A new study investigated by researchers from the Harvard T.H. Chan School of Public Health has found that regular intake of sugary drinks can be a factor in developing cardiovascular diseases.
It further explained that when people consume more sugary drinks, their risk of death rose accordingly.
The scientists found that replacing a sugary drink with an artificially sweetened beverage lowered the risk of death somewhat; however, drinking four or more artificially sweetened beverages was associated with a higher risk of death among women.
One of the researchers from the Department of Nutrition at Boston, Vasanti Malik, said due to her present findings at the Harvard T.H. Chan School of Public Health, drinking water in place of sugary drinks is a healthy choice that could contribute to longevity.
To investigate the link between sugary drinks and cardiovascular disease, the team looked at data from 37,716 men in the Health Professionals Follow-Up Study and 80,647 women in the Nurses’ Health Study. After controlling for other dietary factors, physical activity, and body mass index, the team determined that these sugary drinks were associated with higher mortality rates from cardiovascular disease (CVD), as well as higher cancer rates.
The American Heart Association (AHA) recommended that adults focus on getting at least 150 minutes of moderate physical activity each week. It is also important to avoid tobacco in any form, including vaping, cigarettes, and nicotine products.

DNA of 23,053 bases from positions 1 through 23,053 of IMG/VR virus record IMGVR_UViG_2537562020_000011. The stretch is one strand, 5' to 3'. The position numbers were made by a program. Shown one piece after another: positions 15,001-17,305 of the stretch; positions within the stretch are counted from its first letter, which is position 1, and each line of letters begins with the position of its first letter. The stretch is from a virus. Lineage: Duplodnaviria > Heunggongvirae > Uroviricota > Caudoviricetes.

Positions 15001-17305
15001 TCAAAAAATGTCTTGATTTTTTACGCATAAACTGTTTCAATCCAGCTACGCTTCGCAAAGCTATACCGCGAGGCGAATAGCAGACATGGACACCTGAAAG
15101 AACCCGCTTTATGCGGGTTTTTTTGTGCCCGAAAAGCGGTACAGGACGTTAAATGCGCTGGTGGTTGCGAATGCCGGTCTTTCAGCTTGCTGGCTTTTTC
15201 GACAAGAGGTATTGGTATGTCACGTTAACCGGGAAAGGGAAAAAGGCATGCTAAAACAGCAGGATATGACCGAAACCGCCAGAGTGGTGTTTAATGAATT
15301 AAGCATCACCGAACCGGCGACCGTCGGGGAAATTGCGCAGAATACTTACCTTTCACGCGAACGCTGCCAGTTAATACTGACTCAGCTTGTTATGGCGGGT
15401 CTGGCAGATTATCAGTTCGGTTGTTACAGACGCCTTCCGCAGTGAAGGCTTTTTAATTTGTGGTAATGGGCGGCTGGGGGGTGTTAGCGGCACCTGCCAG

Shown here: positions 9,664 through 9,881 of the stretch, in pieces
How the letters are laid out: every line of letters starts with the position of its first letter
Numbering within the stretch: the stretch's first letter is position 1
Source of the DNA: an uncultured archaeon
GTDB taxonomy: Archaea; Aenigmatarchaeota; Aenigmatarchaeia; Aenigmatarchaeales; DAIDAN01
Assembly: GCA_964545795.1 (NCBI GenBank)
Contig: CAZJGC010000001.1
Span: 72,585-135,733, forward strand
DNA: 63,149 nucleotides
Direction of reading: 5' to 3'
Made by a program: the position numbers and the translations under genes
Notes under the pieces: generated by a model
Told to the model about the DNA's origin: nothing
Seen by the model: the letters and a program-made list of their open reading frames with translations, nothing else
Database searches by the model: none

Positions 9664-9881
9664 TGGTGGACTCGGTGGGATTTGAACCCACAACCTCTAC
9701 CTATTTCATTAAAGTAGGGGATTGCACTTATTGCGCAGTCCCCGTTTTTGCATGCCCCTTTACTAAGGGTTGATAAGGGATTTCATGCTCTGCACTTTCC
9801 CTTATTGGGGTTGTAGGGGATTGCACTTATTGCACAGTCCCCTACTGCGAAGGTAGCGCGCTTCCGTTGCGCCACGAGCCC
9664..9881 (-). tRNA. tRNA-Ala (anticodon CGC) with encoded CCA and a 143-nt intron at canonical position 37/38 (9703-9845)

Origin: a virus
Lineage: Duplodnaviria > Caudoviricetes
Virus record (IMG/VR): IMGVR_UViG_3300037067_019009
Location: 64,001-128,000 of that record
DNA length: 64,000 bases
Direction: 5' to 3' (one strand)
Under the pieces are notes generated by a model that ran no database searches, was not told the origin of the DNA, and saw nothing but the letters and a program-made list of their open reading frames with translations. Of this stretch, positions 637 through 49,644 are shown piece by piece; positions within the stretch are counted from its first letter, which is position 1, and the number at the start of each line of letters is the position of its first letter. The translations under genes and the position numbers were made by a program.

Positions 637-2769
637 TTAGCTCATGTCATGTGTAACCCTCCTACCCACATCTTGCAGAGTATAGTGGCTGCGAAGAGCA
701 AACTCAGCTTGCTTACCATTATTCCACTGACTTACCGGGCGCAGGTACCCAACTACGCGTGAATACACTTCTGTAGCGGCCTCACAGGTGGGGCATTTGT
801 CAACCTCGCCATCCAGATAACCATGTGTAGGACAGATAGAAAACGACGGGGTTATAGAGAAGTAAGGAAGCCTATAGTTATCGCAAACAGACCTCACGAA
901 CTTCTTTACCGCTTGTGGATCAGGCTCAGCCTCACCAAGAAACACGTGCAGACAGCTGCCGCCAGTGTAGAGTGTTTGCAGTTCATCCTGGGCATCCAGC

A healthy lifestyle is a factor that people can directly control when it comes to CVD, and the AHA have several suggestions about improving overall health and reducing the onset of the disease.
Nutrition is another key component of cardiovascular health. The American Heart Association suggested consuming plenty of produce, fiber-rich whole grains, poultry, and fish. For other meat, look for lean cuts and prepare them without added fats or excess sodium. Avoid foods high in saturated fat, and add foods that are rich in “good” fats, such as salmon and avocado.
Researchers noted another vital goal, nutrition-wise, is avoiding added sugars. This not only includes sugar-sweetened beverages but foods as well, as added sugar can really add up over the course of a day and lead to unwanted effects. It can be difficult to give up a long-ingrained habit of enjoying sugar-sweetened beverages.
Substituting an artificially sweetened drink for one laden in sugar can be a good idea, but for those who consume four or more per day, it might not be as safe as most people believe.
The findings reported on MedicalNewsToday says water can not only take the place of beverages that carry health risks, it is crucial for good health, as it helps regulate temperature, keeps joints in good shape, and helps rid the body of waste. Drinking water can also reduce a person’s overall caloric intake as well as save money. Some people enjoy fruit-infused water, which contains some flavor without all the extra sugar.
Dr Walter Willett, who co-authored the study explained that “These findings are consistent with the known adverse effects of high sugar intake on metabolic risk factors and the strong evidence that drinking sugar-sweetened beverages increases the risk of type 2 diabetes, itself a major risk factor for premature death.
He continues: “The results also provide further support for policies to limit marketing of sugary beverages to children and adolescents and for implementing soda taxes because the current price of sugary beverages does not include the high costs of treating the consequences”.